“We know sometimes dining experience can be disappointing and it is important that your concerns are heard," says Freeman. "If you have a bad local restaurant experience, you are best served to bring the issue to the attention of the restaurant management. It accomplishes a couple of things. One, the managers get the vital feedback that they need to fix the issue. Two, people who do not bring their concerns to the manager obviously thought that is was not enough of an issue to do so.”
All of this communication opens relationships between consumer and restaurateur, chef and staff. Questions are posed daily on the site -- ‘Where can I get REAL Chinese food? I’m really craving a pupusa - where should I go?’ -- and everyone is happy to provide an answer, from local citizens who have hunted down the out-of-the-way spots like Chuancai Fang or Pupuseria El Salavdor, to even the restaurant owners or many chefs who are part of the group.
Coupled with fairly regular giveaways, treats for city-wide events like Restaurant Week, monthly foodie ‘Meet-ups’ and Foodnamis (where Chris takes a group of people out to a local spot for goodies if he sells a house), EatGR is active both on and off the interwebs. A new companion website, EatGR.com
, exists to expand on the limitations of the Facebook group and provide a solid, searchable web presence for all things eats in West Michigan.
EatGR’s adult beverage companion group, DrinkGR, started a little after EatGR’s launch. Posting pictures of all the good Michigan beer Mark Curtis was drinking didn’t necessarily fit the schema of EatGR. Soon, liquid libation got its own dedicated group page, with a little over 4,000 members today.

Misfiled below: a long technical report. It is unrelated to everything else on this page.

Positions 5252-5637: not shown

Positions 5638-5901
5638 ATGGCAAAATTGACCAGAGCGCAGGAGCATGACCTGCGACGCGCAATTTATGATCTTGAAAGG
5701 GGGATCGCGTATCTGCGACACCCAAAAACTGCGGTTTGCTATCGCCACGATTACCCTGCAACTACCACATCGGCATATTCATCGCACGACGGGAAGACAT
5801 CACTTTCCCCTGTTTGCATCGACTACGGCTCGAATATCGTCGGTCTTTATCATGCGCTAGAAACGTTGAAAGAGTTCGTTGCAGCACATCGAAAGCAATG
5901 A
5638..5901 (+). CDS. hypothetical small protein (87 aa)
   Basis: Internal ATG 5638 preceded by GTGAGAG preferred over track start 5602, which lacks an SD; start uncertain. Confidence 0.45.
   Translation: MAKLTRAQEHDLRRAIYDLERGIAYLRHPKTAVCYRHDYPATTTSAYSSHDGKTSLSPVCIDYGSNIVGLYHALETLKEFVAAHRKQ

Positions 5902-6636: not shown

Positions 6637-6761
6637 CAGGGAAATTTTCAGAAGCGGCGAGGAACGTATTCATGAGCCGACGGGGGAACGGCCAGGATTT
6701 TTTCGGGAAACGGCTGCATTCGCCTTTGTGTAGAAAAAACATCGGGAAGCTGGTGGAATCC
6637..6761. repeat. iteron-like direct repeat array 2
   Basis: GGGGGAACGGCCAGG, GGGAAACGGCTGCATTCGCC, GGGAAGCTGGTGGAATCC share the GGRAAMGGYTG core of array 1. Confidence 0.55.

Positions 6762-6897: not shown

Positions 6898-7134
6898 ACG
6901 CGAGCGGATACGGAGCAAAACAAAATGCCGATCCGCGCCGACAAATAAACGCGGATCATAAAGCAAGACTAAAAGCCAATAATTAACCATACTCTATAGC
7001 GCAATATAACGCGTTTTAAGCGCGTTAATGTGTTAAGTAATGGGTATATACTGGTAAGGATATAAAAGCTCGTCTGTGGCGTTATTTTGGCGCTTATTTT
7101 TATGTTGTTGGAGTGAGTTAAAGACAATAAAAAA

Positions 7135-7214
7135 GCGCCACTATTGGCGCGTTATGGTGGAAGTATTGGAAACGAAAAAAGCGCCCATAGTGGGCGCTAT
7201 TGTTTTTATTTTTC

The purpose of DrinkGR is to promote Grand Rapids' and West Michigan's craft beverages. “Beer is prevalent because we’re Beer City USA,” shares Curtis, “but we are also getting into meads, ciders, craft spirits and wines. Our discussion area stays within the shoreline, in order to be more inclusive to the number of wineries and breweries we have in the region.”
DrinkGR also promotes locally owned bottle shops -- any place you can find good Michigan craft beverages in the area. “For those who are considering coming to the Grand Rapids area, we want to give them an idea about what the city is like, and what we have to offer in the way of craft beer, spirits, and more,” says Curtis.
Monthly meet-ups provide the opportunity to meet and greet fellow DrinkGR members, taste locally crafted beverages, and win some excellent door prizes. Past meet-ups have occurred at Mitten Brewing, Crankers, and Flat Lander's, just to name a few. Often, if the venue sports good food and adult beverage options, a collaborative meeting will occur with EatGR and DrinkGR.
“I have the mindset that the group is not only a great place for the enthusiast, but also for the businesses who are making the beverages to get the feedback they need,” Curtis says. The future of DrinkGR consists of putting the final touches on DrinkGR.net, with content based on member interest and member contribution.
To learn more about these groups, visit:
Tiffany Ewigleben is a mother, craft brew aficionado, freelance writer, and a true Michigander in her heart, despite being from Washington D.C. She hopes you won't hold that against her.
Photography by Adam Bird